Cyclic AMP (cAMP) is a ubiquitous second messenger that regulates a variety of essential processes in diverse cell types, functioning via cAMP-dependent effectors such as protein kinase A (PKA) and/or exchange proteins directly activated by cAMP (EPAC). In an intact tissue it is difficult to separate the contribution of each cAMP effector in a particular cell type using genetic or pharmacological approaches alone. This study, therefore, utilized optogenetics to overcome the difficulties associated with examining a multicellular tissue. The transgenic photoactive adenylyl cyclase bPAC can be activated to rapidly and reversibly generate cAMP pulses in a cell-type-specific manner. This optogenetic approach to cAMP manipulation was validated in vivo using GAL4-driven UAS-bPAC in a simple epithelium, the Drosophila renal (Malpighian) tubules. As bPAC was expressed under the control of cell-type-specific promoters, each cAMP signal could be directed to either the stellate or principal cells, the two major cell types of the Drosophila renal tubule. By combining the bPAC transgene with genetic and pharmacological manipulation of either PKA or EPAC it was possible to investigate the functional impact of PKA and EPAC independently of each other. The results of this investigation suggest that both PKA and EPAC are involved in cAMP sensing, but are engaged in very different downstream physiological functions in each cell type: PKA is necessary for basal secretion in principal cells only, and for stimulated fluid secretion in stellate cells only. By contrast, EPAC is important in stimulated fluid secretion in both cell types. It is proposed that such optogenetic control of cellular cAMP levels can be applied to other systems, for example the heart or the central nervous system, to investigate the physiological impact of cAMP-dependent signaling pathways with unprecedented precision (Efetova, 2013).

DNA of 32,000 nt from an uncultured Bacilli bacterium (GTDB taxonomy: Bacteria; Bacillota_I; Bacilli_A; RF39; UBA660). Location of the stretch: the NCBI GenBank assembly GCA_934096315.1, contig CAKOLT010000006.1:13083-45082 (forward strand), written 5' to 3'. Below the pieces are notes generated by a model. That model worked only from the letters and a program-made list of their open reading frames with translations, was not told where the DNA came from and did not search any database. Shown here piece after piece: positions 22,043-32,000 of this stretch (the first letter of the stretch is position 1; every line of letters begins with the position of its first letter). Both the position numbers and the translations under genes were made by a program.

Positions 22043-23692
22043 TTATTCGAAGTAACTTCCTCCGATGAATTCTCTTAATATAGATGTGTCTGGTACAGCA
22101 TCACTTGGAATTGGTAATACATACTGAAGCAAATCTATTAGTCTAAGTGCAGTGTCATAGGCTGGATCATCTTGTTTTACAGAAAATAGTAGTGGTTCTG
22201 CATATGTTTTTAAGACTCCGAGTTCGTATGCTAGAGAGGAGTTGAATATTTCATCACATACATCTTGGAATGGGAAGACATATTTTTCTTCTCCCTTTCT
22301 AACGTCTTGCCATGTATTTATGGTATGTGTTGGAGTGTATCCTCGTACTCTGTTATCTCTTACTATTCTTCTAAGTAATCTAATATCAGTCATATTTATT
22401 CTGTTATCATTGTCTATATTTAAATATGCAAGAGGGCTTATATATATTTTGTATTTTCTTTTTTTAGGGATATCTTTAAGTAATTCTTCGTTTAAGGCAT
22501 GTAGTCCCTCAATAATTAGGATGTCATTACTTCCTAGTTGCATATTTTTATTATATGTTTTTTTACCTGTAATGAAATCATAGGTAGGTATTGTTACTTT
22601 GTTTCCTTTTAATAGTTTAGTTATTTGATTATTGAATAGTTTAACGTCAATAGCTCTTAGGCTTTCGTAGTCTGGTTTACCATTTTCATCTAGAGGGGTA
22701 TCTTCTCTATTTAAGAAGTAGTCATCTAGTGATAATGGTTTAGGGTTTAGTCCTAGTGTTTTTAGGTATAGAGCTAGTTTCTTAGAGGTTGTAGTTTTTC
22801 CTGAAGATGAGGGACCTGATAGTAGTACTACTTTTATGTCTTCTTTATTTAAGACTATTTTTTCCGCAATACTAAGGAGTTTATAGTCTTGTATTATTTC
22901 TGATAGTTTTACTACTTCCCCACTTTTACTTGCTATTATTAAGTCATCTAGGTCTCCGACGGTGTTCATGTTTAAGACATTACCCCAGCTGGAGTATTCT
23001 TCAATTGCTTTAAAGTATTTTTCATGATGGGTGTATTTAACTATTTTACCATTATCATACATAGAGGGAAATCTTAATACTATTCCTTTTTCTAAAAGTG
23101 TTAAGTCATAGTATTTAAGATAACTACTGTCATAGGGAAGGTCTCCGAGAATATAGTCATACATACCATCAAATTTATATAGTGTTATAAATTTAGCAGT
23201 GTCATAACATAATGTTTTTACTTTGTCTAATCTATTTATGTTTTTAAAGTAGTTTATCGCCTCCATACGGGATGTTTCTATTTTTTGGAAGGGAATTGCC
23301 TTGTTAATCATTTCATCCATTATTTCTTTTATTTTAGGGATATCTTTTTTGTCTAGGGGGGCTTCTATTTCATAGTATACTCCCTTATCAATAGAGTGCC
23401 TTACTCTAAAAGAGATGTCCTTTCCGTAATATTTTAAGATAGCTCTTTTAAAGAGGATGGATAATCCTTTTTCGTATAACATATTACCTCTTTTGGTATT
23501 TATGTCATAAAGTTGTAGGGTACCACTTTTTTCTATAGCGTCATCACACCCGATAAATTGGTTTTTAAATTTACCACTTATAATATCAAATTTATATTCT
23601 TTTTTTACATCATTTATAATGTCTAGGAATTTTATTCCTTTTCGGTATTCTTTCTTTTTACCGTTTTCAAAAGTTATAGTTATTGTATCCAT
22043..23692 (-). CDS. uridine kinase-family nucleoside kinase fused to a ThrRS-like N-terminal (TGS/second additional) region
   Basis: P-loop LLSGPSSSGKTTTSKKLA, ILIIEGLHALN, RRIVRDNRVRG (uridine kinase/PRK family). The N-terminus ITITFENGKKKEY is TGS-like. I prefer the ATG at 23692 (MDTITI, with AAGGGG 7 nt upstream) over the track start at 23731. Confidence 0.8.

This study has pioneered the use of bPAC, a photoactive adenylyl cyclase, as an optogenetic tool to distinguish between the functions of alternative cAMP effectors in the regulation of a physiological process in vivo. To validate bPAC as an in vivo tool Drosophila renal tubules were used to confirm the bPAC transgene could be stimulated with blue light to generate cAMP signals in a cell-type-specific manner. This optogenetic approach was combined with standard techniques that targeted PKA or EPAC to resolve the complex regulatory network of discrete cAMP pathways involved in the control of fluid secretion (Efetova, 2013).